Dhoni's double delight, and Sreesanth's relief
When Sachin Tendulkar is on 199, and he calls you for a sharp single, you just put your head down and run. If you refuse the run, you must be a brave man, pretty convinced in your judgement, and preferably the captain of your side. That's what MS Dhoni did when Tendulkar called for a single that didn't exist. The call was clear and loud, and Tendulkar made it back in time. It helps that Dhoni was at the non-striker's end when Tendulkar completed his ODI double-century too. It has to be some kind of a distinction.
The slower-than-slowest bouncer
We would have thought that Peter George wouldn't be able to bowl bouncers slower than he did to Tendulkar on day three, but we were obviously wrong. He just happened to drag another slower one too short, and it looped slow and wide. Dhoni thought he would let it go but, having strolled to square leg or nearabouts, saw the ball was still there, tried to swat at it and missed. The laughs.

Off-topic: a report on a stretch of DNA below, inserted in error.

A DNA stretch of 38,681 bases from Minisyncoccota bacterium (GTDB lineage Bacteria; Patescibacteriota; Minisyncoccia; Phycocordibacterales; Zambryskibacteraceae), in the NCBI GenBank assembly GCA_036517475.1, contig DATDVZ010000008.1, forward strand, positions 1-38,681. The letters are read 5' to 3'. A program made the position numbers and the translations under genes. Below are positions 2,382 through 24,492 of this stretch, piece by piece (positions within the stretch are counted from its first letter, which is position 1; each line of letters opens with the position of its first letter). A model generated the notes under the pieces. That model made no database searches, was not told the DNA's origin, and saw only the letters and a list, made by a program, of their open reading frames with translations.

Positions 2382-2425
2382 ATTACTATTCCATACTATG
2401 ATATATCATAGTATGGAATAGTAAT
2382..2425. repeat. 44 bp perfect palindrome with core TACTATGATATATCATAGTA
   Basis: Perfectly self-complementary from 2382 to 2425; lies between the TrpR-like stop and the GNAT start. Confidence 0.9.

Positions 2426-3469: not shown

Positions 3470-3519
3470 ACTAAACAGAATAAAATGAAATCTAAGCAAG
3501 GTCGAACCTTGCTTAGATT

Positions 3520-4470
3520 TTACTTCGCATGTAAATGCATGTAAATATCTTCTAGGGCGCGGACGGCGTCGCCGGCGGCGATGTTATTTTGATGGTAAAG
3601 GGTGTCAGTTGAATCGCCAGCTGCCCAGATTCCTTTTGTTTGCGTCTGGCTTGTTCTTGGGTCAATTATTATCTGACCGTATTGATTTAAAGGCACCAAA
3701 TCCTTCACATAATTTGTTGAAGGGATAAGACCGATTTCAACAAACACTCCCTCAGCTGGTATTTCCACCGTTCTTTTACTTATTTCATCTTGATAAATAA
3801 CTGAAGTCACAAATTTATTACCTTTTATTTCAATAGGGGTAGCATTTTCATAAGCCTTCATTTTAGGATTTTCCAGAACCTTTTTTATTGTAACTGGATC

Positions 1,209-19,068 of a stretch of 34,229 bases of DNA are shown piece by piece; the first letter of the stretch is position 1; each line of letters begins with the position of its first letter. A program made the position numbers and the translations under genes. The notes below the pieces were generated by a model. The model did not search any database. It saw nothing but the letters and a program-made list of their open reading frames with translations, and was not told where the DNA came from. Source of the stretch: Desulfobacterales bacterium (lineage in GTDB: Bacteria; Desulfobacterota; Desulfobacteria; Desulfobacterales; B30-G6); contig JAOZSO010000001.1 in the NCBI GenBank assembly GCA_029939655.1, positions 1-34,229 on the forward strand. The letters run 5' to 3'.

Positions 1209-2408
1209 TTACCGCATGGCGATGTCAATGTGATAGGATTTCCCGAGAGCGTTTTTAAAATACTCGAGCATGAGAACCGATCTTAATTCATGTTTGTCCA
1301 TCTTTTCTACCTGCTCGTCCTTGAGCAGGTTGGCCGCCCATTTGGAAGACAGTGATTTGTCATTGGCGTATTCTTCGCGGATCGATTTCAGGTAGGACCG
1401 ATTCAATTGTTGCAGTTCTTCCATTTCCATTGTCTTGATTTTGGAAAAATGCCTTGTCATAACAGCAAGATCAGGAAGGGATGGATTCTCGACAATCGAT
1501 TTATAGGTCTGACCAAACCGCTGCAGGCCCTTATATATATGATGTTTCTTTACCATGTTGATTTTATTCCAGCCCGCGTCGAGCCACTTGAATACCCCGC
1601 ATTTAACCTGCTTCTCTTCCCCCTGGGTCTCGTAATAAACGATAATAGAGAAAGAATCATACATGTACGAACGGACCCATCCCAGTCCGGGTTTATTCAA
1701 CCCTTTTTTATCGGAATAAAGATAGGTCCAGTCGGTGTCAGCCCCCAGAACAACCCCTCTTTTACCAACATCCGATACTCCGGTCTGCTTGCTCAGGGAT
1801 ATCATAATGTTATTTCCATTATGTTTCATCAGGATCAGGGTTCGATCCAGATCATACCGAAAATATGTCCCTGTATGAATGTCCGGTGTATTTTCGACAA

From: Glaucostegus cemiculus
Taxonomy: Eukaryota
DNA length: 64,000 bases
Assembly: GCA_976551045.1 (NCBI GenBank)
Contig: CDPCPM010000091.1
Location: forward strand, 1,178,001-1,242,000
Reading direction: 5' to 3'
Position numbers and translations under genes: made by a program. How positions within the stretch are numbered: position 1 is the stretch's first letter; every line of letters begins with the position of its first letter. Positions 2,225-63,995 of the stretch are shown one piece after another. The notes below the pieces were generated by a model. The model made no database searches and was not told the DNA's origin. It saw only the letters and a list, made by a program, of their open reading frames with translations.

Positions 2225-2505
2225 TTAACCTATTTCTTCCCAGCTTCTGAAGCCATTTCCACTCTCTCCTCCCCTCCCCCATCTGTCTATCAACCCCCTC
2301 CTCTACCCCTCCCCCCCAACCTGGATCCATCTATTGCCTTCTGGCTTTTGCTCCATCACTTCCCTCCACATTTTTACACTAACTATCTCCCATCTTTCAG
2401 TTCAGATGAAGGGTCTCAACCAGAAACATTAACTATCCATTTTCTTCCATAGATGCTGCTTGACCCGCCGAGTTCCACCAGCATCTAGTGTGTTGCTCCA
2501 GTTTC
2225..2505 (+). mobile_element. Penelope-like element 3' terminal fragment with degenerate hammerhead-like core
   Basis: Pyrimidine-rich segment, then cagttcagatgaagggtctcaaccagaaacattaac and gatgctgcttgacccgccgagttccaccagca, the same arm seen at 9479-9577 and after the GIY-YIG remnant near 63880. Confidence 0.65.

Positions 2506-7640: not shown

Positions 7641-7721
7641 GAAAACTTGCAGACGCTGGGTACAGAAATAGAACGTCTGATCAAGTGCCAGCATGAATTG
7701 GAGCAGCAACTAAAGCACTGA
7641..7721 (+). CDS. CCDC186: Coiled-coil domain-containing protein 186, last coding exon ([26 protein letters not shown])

And it was not some mistake from George. Far from it. "I actually told few of the guys about it night before to look for that," George said of the one he bowled to Tendulkar. "I thought I might actually get a leg before with that one!"
When Tim Paine glanced Harbhajan Singh down to fine leg in the 50th over of the Australian innings, both Paine and Ricky Ponting were a bit too conscious of avoiding running on the danger area. The problem was, both thought in the same manner and ball-watched. As a result, they collided with each other on the adjacent pitch. Neither man was hurt, though.
It wasn't just that Sreesanth had finally grabbed a wicket when he got Tim Paine to edge one through to MS Dhoni, but it was also the people involved. In the first innings, Sreesanth had come awfully close to getting the same man out, caught by the same man, only to be denied by a late no-ball call by the same umpire, Ian Gould. Sreesanth was just relieved that nobody was asking the batsman to wait. It must have been a big wicket, for Harbhajan then hugged Sreesanth.
Sidharth Monga is an assistant editor at Cricinfo